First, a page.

In a previous blog, I’ve talked about the influence TV has over how and what children eat. Research shows that not only are kids susceptible to food advertising, but they also try to model what they see on their favorite shows. This is especially true if they really like the character.

This research is very important to me—not simply because I create TV programs, but more importantly, because I’m a mother. It’s why I’m always very careful about what Super Why and the Super Readers say and do, as well as what foods they’re shown eating. For instance, when I go about designing a season of episodes for Super Why or the new Daniel Tiger’s Neighborhood, I’m very vigilant that we’re not celebrating someone’s birthday with cupcakes and cake all the time, or going out for ice cream after Super Why wins his baseball game.

Instead, we’ve focused on writing compelling stories that show positive food messages because the impact of modeling good choices on kids’ TV is priceless. Take one of my favorite Super Why episodes, called “Healthy Hansel,” as an example.  We turned the classic story of Hansel and Gretel on its head by showcasing how grumpy and unhappy the witch is because she lives in a candy house. But what if she lived in a house made of fruits and vegetables? Spoiler Alert! Super Why changes the story and we save the day. The witch learns how great she feels when she eats fruits and vegetables and drinks water. This episode is fun and silly, but it teaches an important lesson. Our preschool home viewers get to practice literacy skills while also learning about the benefits of fruits and veggies!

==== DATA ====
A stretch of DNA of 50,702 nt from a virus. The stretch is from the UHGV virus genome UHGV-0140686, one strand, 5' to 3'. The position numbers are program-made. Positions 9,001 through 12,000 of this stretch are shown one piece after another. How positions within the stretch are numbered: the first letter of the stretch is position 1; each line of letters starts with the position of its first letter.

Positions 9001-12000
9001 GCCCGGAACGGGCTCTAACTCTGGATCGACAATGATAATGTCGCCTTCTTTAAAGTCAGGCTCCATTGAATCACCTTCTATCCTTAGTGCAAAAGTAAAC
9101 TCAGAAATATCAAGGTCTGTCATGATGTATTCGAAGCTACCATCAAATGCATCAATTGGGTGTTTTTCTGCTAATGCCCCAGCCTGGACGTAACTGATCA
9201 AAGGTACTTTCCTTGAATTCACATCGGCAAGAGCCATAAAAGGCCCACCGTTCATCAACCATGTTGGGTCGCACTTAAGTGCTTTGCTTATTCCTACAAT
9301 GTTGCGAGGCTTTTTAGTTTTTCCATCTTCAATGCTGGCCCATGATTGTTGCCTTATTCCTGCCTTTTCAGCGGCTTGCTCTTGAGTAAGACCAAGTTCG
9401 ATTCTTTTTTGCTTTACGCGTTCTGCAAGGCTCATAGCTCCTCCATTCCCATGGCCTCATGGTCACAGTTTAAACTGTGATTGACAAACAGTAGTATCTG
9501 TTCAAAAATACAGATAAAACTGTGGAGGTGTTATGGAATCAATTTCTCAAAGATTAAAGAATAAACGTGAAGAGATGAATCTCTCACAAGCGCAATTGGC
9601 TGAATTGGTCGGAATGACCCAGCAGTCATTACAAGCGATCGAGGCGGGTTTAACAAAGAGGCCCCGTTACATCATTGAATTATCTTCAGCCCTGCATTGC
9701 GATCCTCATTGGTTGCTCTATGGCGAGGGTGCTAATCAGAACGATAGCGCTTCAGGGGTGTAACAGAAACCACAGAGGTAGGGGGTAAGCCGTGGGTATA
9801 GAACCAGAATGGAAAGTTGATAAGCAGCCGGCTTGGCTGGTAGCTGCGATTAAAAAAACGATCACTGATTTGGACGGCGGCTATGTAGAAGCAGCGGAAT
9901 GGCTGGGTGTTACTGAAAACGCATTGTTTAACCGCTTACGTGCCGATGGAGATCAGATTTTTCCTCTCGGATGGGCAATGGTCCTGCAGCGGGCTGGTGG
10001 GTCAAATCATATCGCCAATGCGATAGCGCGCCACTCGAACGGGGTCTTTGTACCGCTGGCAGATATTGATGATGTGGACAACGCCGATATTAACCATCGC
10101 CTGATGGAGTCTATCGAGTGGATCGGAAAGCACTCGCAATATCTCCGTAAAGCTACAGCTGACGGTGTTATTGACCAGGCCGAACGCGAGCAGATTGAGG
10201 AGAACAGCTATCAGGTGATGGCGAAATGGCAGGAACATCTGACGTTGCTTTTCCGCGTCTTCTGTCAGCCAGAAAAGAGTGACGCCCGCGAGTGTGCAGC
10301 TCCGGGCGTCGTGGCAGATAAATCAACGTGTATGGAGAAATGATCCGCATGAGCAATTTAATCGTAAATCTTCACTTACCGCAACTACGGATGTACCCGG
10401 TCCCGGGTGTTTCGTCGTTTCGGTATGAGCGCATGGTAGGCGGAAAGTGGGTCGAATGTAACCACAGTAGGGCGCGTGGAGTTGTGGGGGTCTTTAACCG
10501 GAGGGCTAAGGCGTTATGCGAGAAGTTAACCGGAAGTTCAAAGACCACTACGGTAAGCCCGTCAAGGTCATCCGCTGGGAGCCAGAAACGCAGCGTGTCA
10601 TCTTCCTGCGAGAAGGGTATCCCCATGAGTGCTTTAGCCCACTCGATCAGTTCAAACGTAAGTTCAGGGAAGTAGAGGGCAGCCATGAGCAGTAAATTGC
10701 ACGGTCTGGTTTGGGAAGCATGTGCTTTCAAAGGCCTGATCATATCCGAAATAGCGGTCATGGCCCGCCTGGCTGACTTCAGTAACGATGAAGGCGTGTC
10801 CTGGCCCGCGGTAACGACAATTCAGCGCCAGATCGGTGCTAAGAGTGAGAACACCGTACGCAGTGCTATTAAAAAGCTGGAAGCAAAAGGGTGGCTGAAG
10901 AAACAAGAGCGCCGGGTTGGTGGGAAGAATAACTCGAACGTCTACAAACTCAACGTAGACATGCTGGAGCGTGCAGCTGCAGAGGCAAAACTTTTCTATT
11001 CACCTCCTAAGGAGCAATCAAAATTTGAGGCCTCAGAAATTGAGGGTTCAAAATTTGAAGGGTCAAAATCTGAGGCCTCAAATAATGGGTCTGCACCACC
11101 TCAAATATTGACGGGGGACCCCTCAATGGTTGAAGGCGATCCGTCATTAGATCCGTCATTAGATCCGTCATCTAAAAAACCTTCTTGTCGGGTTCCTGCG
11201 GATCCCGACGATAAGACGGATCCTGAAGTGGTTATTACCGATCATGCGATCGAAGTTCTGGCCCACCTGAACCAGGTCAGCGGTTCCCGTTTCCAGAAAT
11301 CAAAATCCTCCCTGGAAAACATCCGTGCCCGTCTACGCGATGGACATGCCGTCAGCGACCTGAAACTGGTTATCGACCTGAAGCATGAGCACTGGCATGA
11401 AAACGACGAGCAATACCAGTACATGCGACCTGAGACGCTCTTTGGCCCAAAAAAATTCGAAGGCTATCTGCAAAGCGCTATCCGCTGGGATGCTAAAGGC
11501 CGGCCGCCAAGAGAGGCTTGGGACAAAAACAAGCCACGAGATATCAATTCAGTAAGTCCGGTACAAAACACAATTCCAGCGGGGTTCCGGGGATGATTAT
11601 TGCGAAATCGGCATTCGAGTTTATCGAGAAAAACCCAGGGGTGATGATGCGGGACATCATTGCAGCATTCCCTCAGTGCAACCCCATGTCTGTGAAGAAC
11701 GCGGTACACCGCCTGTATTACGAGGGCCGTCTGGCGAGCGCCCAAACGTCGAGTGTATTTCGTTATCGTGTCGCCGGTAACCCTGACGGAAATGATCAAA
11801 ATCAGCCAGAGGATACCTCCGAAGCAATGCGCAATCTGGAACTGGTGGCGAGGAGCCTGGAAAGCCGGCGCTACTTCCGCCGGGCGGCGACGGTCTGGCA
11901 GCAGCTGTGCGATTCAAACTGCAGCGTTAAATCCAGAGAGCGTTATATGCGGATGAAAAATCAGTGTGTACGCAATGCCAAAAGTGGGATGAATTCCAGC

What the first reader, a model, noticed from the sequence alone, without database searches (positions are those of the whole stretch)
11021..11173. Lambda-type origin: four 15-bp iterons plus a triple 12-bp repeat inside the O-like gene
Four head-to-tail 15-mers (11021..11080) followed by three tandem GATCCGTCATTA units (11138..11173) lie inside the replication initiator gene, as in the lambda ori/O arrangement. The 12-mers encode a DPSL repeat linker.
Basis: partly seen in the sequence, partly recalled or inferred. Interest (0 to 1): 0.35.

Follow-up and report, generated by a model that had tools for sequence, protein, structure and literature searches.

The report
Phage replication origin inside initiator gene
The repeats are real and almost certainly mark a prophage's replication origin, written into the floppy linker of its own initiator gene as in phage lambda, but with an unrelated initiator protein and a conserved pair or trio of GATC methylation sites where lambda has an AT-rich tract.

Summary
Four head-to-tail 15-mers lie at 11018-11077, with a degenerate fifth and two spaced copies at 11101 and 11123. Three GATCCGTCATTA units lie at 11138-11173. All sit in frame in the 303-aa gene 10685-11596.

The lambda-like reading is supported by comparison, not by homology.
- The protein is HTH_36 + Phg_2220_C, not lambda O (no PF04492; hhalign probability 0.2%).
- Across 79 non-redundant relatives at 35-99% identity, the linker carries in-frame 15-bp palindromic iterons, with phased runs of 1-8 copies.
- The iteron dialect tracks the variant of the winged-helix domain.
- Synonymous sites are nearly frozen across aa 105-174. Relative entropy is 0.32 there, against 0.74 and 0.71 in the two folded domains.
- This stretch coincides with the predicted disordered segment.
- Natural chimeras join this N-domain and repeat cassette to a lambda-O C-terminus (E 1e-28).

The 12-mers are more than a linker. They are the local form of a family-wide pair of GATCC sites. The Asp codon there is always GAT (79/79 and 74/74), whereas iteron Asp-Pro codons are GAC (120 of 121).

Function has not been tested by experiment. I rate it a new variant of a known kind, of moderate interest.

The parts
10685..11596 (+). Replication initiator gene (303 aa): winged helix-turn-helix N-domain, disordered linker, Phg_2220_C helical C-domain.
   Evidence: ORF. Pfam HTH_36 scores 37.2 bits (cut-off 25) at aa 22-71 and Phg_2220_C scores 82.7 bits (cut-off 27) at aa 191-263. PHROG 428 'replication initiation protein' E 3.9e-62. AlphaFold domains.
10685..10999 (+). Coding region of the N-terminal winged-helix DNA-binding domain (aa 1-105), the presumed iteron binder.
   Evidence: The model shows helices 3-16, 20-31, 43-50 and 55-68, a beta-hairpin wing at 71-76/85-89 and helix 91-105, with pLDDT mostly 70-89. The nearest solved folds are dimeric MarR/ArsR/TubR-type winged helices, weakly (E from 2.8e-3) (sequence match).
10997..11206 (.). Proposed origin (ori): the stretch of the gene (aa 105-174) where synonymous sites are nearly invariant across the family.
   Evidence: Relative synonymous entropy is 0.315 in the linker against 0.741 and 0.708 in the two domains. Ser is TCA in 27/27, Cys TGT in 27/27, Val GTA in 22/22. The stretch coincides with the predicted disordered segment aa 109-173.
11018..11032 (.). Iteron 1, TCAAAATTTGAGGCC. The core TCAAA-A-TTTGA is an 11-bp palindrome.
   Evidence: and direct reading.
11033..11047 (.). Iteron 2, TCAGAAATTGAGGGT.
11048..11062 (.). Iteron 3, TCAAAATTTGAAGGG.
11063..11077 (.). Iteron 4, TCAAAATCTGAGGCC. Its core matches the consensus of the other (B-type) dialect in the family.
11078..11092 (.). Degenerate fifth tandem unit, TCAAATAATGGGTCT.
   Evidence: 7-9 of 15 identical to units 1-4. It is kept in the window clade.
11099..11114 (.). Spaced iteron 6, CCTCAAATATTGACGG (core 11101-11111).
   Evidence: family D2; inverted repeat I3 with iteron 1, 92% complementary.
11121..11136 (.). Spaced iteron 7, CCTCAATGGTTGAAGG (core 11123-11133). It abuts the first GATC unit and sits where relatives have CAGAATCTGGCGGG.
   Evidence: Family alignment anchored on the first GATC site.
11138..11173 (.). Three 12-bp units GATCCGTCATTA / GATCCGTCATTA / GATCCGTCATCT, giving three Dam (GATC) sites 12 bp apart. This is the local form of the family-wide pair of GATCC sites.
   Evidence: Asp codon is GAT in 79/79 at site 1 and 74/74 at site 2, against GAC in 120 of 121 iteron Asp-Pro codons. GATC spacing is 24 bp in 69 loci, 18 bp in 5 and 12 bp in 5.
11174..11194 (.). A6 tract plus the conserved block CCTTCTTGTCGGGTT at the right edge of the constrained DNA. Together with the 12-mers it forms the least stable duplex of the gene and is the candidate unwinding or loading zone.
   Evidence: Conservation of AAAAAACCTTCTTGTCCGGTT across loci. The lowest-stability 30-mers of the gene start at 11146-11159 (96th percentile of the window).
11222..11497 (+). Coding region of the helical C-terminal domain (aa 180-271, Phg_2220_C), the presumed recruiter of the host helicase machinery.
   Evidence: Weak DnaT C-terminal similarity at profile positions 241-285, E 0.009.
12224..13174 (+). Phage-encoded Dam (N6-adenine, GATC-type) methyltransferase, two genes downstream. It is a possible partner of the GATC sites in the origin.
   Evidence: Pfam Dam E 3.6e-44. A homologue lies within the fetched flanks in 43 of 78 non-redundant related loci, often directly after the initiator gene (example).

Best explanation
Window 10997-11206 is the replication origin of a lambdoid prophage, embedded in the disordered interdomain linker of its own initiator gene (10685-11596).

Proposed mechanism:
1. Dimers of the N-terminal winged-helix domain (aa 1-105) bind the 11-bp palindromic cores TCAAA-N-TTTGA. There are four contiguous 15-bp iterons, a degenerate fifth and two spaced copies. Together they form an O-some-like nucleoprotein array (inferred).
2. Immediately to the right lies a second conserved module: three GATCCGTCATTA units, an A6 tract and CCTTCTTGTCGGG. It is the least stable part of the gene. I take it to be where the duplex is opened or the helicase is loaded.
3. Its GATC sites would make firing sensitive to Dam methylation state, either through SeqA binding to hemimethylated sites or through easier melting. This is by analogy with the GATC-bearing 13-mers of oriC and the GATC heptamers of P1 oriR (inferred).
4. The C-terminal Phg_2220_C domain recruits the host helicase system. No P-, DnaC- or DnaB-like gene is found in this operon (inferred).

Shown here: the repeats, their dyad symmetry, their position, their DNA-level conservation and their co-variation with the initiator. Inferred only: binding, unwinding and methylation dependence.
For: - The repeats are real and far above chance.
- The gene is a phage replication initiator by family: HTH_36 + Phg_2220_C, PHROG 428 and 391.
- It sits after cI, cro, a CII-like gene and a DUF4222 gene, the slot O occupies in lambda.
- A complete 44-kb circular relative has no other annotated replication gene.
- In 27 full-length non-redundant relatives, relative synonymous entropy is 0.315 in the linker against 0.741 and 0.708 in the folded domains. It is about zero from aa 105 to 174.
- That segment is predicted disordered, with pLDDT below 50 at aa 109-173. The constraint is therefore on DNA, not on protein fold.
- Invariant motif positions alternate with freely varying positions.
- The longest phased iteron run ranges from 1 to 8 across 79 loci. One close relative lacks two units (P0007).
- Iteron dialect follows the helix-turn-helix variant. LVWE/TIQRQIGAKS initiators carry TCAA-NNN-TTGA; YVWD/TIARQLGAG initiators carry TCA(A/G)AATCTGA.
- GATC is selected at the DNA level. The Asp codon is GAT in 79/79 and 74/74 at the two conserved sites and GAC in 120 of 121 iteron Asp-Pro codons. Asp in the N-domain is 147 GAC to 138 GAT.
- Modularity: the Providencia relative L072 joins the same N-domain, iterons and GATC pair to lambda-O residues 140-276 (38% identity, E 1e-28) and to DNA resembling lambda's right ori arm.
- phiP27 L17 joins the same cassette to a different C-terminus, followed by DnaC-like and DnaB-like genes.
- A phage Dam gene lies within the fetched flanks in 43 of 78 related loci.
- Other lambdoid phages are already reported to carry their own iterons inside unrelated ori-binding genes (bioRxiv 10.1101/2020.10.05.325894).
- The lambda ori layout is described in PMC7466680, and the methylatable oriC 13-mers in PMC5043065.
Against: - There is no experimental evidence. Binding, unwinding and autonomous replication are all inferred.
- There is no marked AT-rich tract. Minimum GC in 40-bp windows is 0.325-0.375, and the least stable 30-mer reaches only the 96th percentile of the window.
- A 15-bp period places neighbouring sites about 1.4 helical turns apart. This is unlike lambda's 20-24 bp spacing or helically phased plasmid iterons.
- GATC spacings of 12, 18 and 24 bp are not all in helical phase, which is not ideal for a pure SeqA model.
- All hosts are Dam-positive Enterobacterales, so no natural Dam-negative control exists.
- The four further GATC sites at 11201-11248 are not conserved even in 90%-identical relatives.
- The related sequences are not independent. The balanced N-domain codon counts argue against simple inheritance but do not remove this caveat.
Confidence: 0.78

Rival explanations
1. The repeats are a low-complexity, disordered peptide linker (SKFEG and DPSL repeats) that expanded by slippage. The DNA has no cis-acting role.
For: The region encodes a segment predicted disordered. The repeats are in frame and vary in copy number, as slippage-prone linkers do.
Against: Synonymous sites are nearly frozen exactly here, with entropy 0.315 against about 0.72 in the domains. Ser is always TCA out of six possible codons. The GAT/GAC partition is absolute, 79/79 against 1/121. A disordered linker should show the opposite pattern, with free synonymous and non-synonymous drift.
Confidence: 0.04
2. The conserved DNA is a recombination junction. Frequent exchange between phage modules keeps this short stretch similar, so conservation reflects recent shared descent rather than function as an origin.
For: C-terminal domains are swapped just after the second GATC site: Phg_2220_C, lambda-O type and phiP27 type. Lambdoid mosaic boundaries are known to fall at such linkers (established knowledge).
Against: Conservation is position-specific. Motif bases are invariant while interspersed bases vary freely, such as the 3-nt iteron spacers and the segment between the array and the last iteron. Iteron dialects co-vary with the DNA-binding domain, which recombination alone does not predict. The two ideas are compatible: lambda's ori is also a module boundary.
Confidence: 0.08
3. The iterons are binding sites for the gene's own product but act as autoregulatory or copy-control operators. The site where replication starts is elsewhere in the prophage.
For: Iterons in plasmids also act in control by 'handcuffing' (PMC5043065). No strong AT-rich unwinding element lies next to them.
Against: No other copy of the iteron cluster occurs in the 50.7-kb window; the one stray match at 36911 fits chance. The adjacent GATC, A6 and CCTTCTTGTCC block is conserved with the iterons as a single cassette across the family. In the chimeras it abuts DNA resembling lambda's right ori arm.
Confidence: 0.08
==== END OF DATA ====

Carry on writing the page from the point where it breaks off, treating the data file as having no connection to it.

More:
I also do what I can at home to help my children become media literate and savvy. I want them to learn to question what they watch on television. If they’re watching a commercial, I urge them to ask themselves questions like: What does the company want me to buy? Why do they need a brightly colored cartoon animal to sell it to me? If it’s a show, what is the message? Why do they want the characters to eat cake, cookies and ice cream all the time? And once that program is over, if my kids have an incredible urge for a sugary treat, there’s no better time to point out the sheer coincidence that their choices are similar to those made by the characters from TV. It’s usually then, that I’ll have my girls put on their aprons to create their own dish, which is fun to prepare and even healthier to eat.

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